Geordie Shore,

angel of the northWe have many customers and friends in the North East, to where I had an enjoyable visit last week. Driving up the A1 past the Angel of the North I soon began to understand Newcastle’s long and proud heritage of engineering and steel. The massive statue designed by Anthony Gormley is produced from Corten steel. This is designed to rust and leave an impenetrable barrier on the surface so that no more corrosion can take place. It was erected in 1998. Despite initial disapproval of the look of the Angel, it’s now a staple of the North East landscape.

That morning I found myself by the quayside, there was a quaint corner café selling breakfast for £2.95 and being a Yorkshire man I couldn’t resist the price. The café was under the arches of the Tyne bridge. I looked out of the window drinking my tea and saw the thousands of rivets that hold this incredible structure together. The bridge famous all over the world is even featured on labels for Newcastle Brown Ale. Upstream is the High Level bridge and downstream the Millennium bridge each feats of engineering in their own right, although years in time apart.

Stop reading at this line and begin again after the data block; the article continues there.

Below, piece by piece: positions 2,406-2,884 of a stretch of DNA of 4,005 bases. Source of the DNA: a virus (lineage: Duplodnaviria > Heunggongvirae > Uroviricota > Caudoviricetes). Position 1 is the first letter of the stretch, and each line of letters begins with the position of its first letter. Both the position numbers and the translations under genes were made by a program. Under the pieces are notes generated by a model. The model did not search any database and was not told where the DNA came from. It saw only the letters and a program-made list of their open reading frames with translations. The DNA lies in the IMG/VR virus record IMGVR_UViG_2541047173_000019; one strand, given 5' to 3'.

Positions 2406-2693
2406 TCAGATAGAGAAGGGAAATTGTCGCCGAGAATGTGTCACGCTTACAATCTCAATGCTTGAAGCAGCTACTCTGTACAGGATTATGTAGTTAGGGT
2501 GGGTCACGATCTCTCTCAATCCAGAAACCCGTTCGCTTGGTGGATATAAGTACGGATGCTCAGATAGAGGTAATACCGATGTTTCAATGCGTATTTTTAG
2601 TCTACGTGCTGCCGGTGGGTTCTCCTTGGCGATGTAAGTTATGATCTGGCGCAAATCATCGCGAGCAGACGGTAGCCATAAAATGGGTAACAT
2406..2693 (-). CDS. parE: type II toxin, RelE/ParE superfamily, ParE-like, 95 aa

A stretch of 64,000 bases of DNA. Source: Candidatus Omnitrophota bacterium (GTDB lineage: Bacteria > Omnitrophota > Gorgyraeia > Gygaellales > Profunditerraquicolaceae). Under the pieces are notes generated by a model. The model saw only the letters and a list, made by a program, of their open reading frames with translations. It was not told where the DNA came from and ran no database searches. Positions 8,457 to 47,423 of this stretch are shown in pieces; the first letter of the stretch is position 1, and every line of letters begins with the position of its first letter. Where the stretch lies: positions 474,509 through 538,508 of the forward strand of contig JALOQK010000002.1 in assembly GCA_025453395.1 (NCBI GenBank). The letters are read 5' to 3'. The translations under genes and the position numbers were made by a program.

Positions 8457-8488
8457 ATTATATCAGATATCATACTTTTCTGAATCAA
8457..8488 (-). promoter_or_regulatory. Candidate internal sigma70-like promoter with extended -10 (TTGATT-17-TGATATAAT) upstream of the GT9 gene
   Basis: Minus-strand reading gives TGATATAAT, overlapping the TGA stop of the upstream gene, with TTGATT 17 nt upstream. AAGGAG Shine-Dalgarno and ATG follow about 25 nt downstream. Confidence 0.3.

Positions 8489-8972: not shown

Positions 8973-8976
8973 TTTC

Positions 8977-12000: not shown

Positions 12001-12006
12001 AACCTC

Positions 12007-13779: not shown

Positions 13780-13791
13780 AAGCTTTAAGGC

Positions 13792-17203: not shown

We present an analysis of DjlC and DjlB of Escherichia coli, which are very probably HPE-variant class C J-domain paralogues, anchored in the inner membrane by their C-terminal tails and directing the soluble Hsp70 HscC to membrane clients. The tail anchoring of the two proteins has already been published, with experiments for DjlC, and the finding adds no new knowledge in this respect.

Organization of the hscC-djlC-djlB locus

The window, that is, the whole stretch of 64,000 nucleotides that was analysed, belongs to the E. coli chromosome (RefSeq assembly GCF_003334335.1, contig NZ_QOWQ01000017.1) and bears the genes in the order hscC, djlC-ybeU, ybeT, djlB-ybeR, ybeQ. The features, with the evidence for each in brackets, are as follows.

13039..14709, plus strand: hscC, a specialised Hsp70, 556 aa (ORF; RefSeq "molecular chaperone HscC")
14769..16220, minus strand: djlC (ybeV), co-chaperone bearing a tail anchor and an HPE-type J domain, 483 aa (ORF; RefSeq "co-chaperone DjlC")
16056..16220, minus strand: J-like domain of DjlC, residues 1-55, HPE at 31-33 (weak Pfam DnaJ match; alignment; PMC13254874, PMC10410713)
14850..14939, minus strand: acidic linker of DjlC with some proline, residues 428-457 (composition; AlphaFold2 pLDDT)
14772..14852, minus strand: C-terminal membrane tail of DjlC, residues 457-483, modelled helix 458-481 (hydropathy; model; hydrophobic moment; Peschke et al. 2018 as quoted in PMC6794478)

I had to drive to North Shields via Wallsend along the North bank of the Tyne. Everywhere there are engineering companies and ship building yards. Also scrap yards collecting old unwanted iron and steel for recycling. We actually are a green industry despite the huge amount of energy required to manufacture steel. On my way to the coast there was a huge oil rig on its side ready to be floated down the Tyne and out to the North Sea. Its massive legs stood out against the blue sky.

On leaving North Shields as a detour I took the short journey up to Whitley Bay, Newcastle’s beach resort. On the windy seafront there are old Victorian shelters the roof supports are ornate cast iron scrolls that must be over 100 years old. They and the steel railings on the front are still resisting the elements of the North Sea.

The drive through the region revealed that not only has steel, due to its abundance, been used to form, shape and beautify the landscape, but that there continues to be a great centre of industry within the North East, visible for its part in history and the ongoing reshaping of this section of Britain.